Communications Research Methods and Resources

Research is a fundamental step in your communications plan. In this article we will go over some common research methods and resources you can use. Primary research refers to research you will do yourself, and secondary research uses the interpreted findings and data from other sources.

Primary Research


Interviewing can be a powerful way to gain deep insights into your customer or target audience and can take many forms, but always includes a structured or semi-structured conversation between an interviewer and an interviewee. Typically, you will prepare questions beforehand that you will ask the interviewee to help you organize the data later on.

• Deep insights can be gained
• Produces rich qualitative data
• Can build trust and relationships with your audience

• Can be costly and difficult to perform on a large enough sample size
• Interviewer may inadvertently influence responses
• Can be very resource intensive to transcribe and interpret data

Focus Groups

Focus groups are commonly used to gather data on the social opinions and perspectives of a particular group of people. Typically, a targeted group of people is brought together for a structured or semi-structured conversation. A trained facilitator should guide the conversation while another researcher gathers data, it is difficult to effectively run a focus group and gather data with only one person.

• Deep insights can be gained in a social context
• Can produce rich qualitative data
• Can build trust and relationships with your audience

• Facilitator and other group members can inadvertently influence responses
• Can be very resource consuming to transcribe and interpret data
• Participants can derail or hijack conversation, a trained facilitator can help mitigate this


A survey is a set of structured questions that a research subject responds to. Commonly, responses to survey questions are open ended, true or false, or multiple choice. Surveys are a very useful research method since they can make it easy to gather and sort large amounts of data. Surveys are commonly administered online, by phone or voice call, or in person. There are online platforms that can help you design and deliver your survey, we’ve used SurveyMonkey several times.

• Since data is already structured, it can be easier to sort into themes and interpret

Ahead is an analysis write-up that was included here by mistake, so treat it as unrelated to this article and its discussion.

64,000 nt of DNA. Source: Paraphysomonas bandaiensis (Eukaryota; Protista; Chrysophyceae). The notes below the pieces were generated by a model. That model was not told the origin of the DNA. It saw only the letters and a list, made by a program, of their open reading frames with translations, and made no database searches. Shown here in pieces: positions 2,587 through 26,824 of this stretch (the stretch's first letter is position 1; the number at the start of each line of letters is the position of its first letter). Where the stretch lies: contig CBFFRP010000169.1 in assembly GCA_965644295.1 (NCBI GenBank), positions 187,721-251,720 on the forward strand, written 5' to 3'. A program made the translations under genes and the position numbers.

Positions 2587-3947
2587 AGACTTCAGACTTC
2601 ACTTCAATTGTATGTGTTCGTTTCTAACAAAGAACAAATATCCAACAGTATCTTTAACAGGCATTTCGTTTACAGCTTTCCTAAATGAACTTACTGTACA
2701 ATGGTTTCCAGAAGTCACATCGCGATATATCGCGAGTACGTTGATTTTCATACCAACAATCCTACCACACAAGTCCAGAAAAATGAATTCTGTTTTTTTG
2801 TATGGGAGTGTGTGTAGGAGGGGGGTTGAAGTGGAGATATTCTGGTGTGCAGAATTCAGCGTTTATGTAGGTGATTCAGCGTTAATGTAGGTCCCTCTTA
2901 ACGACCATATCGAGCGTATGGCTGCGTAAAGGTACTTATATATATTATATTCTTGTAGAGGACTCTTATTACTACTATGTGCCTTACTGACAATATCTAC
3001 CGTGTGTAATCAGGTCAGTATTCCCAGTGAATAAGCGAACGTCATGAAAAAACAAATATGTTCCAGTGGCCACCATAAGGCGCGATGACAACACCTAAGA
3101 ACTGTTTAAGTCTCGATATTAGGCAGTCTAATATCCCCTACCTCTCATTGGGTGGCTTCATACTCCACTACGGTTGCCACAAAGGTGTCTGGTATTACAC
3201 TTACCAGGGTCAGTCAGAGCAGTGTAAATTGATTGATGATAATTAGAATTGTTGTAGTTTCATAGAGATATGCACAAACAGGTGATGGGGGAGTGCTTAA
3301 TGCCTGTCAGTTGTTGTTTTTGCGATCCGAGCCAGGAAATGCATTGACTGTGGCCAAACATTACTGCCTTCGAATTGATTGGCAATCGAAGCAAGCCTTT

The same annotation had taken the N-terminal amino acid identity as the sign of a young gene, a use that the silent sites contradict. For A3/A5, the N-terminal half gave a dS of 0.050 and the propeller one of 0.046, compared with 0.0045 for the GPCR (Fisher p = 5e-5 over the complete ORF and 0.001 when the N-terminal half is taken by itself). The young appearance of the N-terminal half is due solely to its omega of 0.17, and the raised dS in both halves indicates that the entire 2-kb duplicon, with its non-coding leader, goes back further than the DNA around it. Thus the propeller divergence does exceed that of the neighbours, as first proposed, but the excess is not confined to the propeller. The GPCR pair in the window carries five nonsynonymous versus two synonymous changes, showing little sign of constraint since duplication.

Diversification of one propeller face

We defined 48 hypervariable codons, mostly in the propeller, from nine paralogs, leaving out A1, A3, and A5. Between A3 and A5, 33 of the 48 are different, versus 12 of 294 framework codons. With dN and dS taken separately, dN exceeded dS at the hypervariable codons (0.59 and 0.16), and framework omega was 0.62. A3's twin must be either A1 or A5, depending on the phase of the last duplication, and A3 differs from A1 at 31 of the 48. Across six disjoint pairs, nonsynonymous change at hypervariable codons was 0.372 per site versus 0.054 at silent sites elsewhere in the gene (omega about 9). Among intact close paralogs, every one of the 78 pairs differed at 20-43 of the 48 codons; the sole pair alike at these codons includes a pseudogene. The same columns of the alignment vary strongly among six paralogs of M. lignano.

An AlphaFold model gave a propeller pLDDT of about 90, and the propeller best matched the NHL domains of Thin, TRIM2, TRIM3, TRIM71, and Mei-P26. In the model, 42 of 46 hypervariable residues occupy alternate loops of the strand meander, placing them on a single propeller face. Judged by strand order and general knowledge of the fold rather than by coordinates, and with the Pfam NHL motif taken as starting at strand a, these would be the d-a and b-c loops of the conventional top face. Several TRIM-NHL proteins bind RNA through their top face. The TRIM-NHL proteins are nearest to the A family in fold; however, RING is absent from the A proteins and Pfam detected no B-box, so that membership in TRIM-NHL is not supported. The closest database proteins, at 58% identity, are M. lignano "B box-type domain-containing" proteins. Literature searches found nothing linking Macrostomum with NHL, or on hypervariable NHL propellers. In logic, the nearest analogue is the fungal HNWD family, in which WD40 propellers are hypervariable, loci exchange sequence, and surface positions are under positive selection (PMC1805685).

• Can reach a large audience relatively quickly and efficiently
• Can be very effective when well designed and used in combination with other methods

• Poorly worded questions can lead to confusing or useless results
• Online surveys can sometimes get hijacked by fake responses
• With a very large sample, survey data can become complex and helpful coding software can be costly

Ethnography and Observational Research

Ethnographic research involves researchers immersing themselves in the lives of their research subjects. It can generate useful data about customer beliefs, values, and behaviors. Observational research more generally refers to any type of research that consists of the researcher observing and gathering data about the target group, with various levels of interaction.

• Can generate unique and otherwise difficult to obtain data
• Can produce data about the real actions and behaviors of the research subjects

• Ethnographic research can be very costly to time and resources to do well
• Observers may inadvertently influence research subjects or become overly involved
• Researcher’s interpretation of phenomena may not be accurate
• Data can be difficult to structure and quantify if not well planned out

Secondary Research

Secondary Sources

In this context, “secondary” describes any research sources you refer to that were authored or published by others. Secondary sources can be very valuable in helping you to understand the context of the current situation, and what others have already done. They can also help to validate your own findings and conclusions, and bring up concerns or issues that you might need to address.

When looking for secondary sources, make sure that they are from credible or relevant publications. Generally, government statistics and census data are trusted, as are peer reviewed academic journal articles. You can often find these types of sources online through services like government websites and Google Scholar, or you might want to visit your local university or municipal library.

When researching a particular market or industry, you may have better luck looking to well respected industry publications and company reports. Just be sure to review the data you are using to make sure it is reliable and trustworthy.

Statistical Analysis

When using stats from other sources, be careful taking liberties with them or applying them to your own situation. Online, statistical information travels quickly and often loses context of where it originated. Before using statistical information, see if you can find the original source. If you can, and are able to find the original study, assess what the numbers really mean before using them.